In the Tate Modern Art Museum in London there's a
glass of water on a chrome shelf 9 feet up...
What follows is an interview with the artist about his work...
Q. To begin with, could you describe this work?
A. Yes, of course. What I've done is change a glass of
water into a full-grown oak tree without altering the
accidents of the glass of water.
Q. The accidents?
A. Yes. The colour, feel, weight, size ...
Q. Do you mean that the glass of water is a symbol of
an oak tree?
A. No. It's not a symbol. I've changed the physical
substance of the glass of water into that of an oak
Q. It looks like a glass of water.
A. Of course it does. I didn't change its appearance.
But it's not a glass of water, it's an oak tree.
Q. Can you prove what you've claimed to have done?
A. Well, yes and no. I claim to have maintained the
physical form of the glass of water and, as you can
see, I have. However, as one normally looks for
evidence of physical change in terms of altered form,
no such proof exists.
Q. Haven't you simply called this glass of water an
A. Absolutely not. It is not a glass of water anymore.
I have changed its actual substance. It would no
longer be accurate to call it a glass of water. One
could call it anything one wished but that would not
alter the fact that it is an oak tree.
Q. Isn't this just a case of the emperor's new
A. No. With the emperor's new clothes people claimed
to see something that wasn't there because they felt
they should. I would be very surprised if anyone told
me they saw an oak tree.
Q. Was it difficult to effect the change?
A. No effort at all. But it took me years of work
before I realised I could do it.
Q. When precisely did the glass of water become an oak
A. When I put the water in the glass.
Q. Does this happen every time you fill a glass with
A. No, of course not. Only when I intend to change it
into an oak tree.
Q. Then intention causes the change?
A. I would say it precipitates the change.
Q. You don't know how you do it?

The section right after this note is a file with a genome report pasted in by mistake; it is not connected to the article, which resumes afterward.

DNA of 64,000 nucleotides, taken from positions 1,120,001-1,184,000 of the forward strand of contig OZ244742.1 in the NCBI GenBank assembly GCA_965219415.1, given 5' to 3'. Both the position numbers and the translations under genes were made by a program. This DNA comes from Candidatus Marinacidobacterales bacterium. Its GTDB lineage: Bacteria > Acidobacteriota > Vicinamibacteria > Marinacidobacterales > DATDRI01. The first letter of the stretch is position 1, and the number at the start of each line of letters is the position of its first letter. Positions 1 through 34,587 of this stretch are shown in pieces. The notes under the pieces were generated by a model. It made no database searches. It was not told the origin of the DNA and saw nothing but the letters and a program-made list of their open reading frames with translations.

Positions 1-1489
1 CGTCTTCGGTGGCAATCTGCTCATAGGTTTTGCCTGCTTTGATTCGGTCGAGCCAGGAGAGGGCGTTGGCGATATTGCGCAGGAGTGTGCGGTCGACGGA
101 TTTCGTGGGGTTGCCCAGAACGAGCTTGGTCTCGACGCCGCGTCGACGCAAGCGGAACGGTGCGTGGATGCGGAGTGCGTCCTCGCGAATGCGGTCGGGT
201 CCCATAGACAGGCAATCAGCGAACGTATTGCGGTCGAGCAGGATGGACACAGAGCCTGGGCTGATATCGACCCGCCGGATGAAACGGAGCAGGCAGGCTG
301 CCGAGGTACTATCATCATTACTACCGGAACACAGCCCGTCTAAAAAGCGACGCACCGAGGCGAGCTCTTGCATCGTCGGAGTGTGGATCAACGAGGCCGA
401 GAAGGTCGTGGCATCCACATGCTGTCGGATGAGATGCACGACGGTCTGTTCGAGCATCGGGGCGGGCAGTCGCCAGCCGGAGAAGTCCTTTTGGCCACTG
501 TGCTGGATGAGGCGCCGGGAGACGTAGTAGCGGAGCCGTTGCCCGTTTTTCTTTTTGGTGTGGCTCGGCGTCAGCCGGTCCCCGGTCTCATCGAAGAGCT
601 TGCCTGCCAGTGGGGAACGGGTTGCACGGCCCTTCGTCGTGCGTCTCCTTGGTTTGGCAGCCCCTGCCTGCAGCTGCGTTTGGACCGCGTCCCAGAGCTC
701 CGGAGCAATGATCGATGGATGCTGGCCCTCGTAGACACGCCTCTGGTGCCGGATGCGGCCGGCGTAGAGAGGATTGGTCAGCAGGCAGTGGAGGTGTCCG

A. It contradicts what I feel I know about cause and
Q. It seems to me that you are claiming to have worked
a miracle. Isn't that the case?
A. I'm flattered that you think so.
Q. But aren't you the only person who can do something
A. How could I know?
Q. Could you teach others to do it?
A. No, it's not something one can teach.
Q. Do you consider that changing the glass of water
into an oak tree constitutes an art work?
Q. What precisely is the art work? The glass of water?
A. There is no glass of water anymore.
Q. The process of change?
A. There is no process involved in the change.
Q. The oak tree?
A. Yes. The oak tree.
Q. But the oak tree only exists in the mind.
A. No. The actual oak tree is physically present but
in the form of the glass of water. As the glass of
water was a particular glass of water, the oak tree is
also a particular oak tree. To conceive the category
'oak tree' or to picture a particular oak tree is not
to understand and experience what appears to be a
glass of water as an oak tree. Just as it is
imperceivable it also inconceivable.
Q. Did the particular oak tree exist somewhere else
before it took the form of a glass of water?
A. No. This particular oak tree did not exist
previously. I should also point out that it does not
and will not ever have any other form than that of a
glass of water.
Q. How long will it continue to be an oak tree?
A. Until I change it.